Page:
The Supreme Court, corporate cash and the appearance of political bias

November 19, 2012
By: Charles Lamberton

Supreme Court Justice Samuel Alito recently defended the 2010 decision in Citizens United v. Federal Election Commission at The Federal Society’s annual dinner held last Thursday night, jabbing at critics of the U.S. Supreme Court’s majority opinion.  Alito said arguments can be made for overturning Citizens United, but not the popular one that boils down to one line: Corporations shouldn’t get free speech rights like a person.  “It is pithy, it fits on a bumper sticker, and in fact a variety of bumper stickers are available,” Alito told a crowd of about 1,400.

For those who don’t know, The Federalist Society was launched 30 years ago by a group of conservative students who felt embattled by liberals on the campuses of some of the nation’s most elite law schools.  The Federalist Society for Law and Public Policy Studies has grown into one of the nation’s most influential legal organizations. Its declared mission is to organize against and oppose the “orthodox liberal ideology which advocates a centralized and uniform society,” and which “dominates law schools and the legal profession.”  The Federalist Society advocates for smaller federal government, a more limited federal government, and a weaker regulatory state in that government.  The conservative group claims more than 50,000 members, an increasing number of whom work in the highest councils of the federal government. Many Justice Department lawyers, White House attorneys, Supreme Court clerks and judges are affiliated with the group. Supreme Court Justice Antonin Scalia was a close adviser to the organization while he was a University of Chicago law professor.

Not only has the Federalist Society become a source of legal talent for Republican administrations, but through its frequent on-campus seminars and forums for practicing lawyers, the group is also credited with popularizing methods of legal analysis now widely advocated by many conservatives and employed by an increasing number of judges. Theories such as originalism, which holds that the Constitution has a fixed and knowable meaning rather than an evolving meaning that should adapt to contemporary times, is an idea put forward by many Federalist members. Using that standard, some judges have challenged previous court rulings allowing broad federal control over states on regulatory and civil rights issues, and maintaining the legal wall separating church and state.

The Federalist Society and some other conservative organizations have played an  important role in changing the terms of legal and, ultimately, political debate in the United States. The growing influence of the Federalist Society has coincided with the rise of a network of conservative research organizations and public interest law firms that together have challenged hot-button issues such as affirmative action and prohibitions against publicly funded school vouchers.  Through the years, the Federalist Society, which has a multi-million dollar annual budget, has also received substantial financial backing from a network of foundations that has supported a diverse menu of conservative causes, including promoting school vouchers and investigating the personal life of former president Bill Clinton. These include the John M. Olin and Charles G. Koch foundations. Conservative activist Richard Mellon Scaife is also a major benefactor.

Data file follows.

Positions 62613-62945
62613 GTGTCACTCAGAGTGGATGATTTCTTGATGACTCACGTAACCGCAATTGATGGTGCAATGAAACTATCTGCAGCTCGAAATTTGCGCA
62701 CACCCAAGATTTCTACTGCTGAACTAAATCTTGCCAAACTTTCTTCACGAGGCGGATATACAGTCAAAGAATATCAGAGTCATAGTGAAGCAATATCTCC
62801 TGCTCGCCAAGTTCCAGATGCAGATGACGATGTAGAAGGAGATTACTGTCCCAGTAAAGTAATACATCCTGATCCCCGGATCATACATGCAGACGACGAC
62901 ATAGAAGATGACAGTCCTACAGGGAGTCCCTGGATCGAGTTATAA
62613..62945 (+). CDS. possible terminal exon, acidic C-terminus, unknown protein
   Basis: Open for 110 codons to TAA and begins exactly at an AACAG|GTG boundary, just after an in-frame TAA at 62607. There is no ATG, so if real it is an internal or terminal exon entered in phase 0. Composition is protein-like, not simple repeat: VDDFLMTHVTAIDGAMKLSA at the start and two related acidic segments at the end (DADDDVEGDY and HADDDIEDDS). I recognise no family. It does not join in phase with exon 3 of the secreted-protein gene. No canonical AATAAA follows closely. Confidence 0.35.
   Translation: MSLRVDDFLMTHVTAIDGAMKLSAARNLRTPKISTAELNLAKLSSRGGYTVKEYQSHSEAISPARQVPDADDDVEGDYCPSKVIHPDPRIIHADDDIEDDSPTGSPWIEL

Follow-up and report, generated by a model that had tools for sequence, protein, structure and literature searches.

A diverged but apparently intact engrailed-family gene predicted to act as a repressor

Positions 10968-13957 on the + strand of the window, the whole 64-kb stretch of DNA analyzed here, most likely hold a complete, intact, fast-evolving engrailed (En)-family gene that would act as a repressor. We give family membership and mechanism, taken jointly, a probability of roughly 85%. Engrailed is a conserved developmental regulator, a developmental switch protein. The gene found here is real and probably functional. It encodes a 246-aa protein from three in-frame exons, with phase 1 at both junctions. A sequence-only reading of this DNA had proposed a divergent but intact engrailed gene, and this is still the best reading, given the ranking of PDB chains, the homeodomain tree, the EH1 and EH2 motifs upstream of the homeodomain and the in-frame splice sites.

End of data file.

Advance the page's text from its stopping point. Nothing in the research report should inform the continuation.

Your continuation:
In our view, that Justice Alito believes it is appropriate conduct to publicly defend a decision of the Court while still serving and permit his persona to be used to raise money for a partisan, controversial enterprise speaks volumes for the disgraceful radicalization of the Supreme Court by he and his cohorts.

The real problem with Citizens United is not that it equates corporations with living, breathing, thinking human beings, it’s that it undermines democratic institutions by permitting only the moneyed few to speak and be heard in the marketplace of ideas.  In Citizens United, five movement conservatives on the Supreme Court endowed corporations with a First Amendment right to spend unlimited treasury funds on communications advocating the election or defeat of particular candidates for federal office. In reaching its holding, the majority overruled precedents that upheld restrictions on corporate spending. The majority dismissed the argument that spending restrictions prevent political corruption. Later, when President Obama correctly forecast that the majority’s holding would open the floodgates to special interest money in American politics, Justice Samuel Alito scowled, shook his head, and said “That’s not true.”

But it was true.  The Washington, D.C.-based Center for Public Integrity reported Oct. 4 that political groups which depend on corporate cash would spend $500 million in 2010, up from $300 million in the last midterms in 2006.  See, Peter H. Stone, Campaign Cash: The Independent Fundraising Gold Rush Since ‘Citizens United’ Ruling, October 4, 2010, available at So is this flood of special interest money necessarily bad?  Yes it is.  Citizens United empowers moneyed speakers with narrow, selfish interests to speak more often and more loudly than the 99.999999% of ordinary Americans, whose interest often differ from theirs. Most Americans support clean air, water and food, living wages, health care and retirement security. Corporations support deregulation, fewer government standards, lower wages and privatization and other measures that make them rich at the expense of taxpayers and voters. The ability to express ideas and political views should not vary according to wealth.  Thanks to the Supreme Court, it does.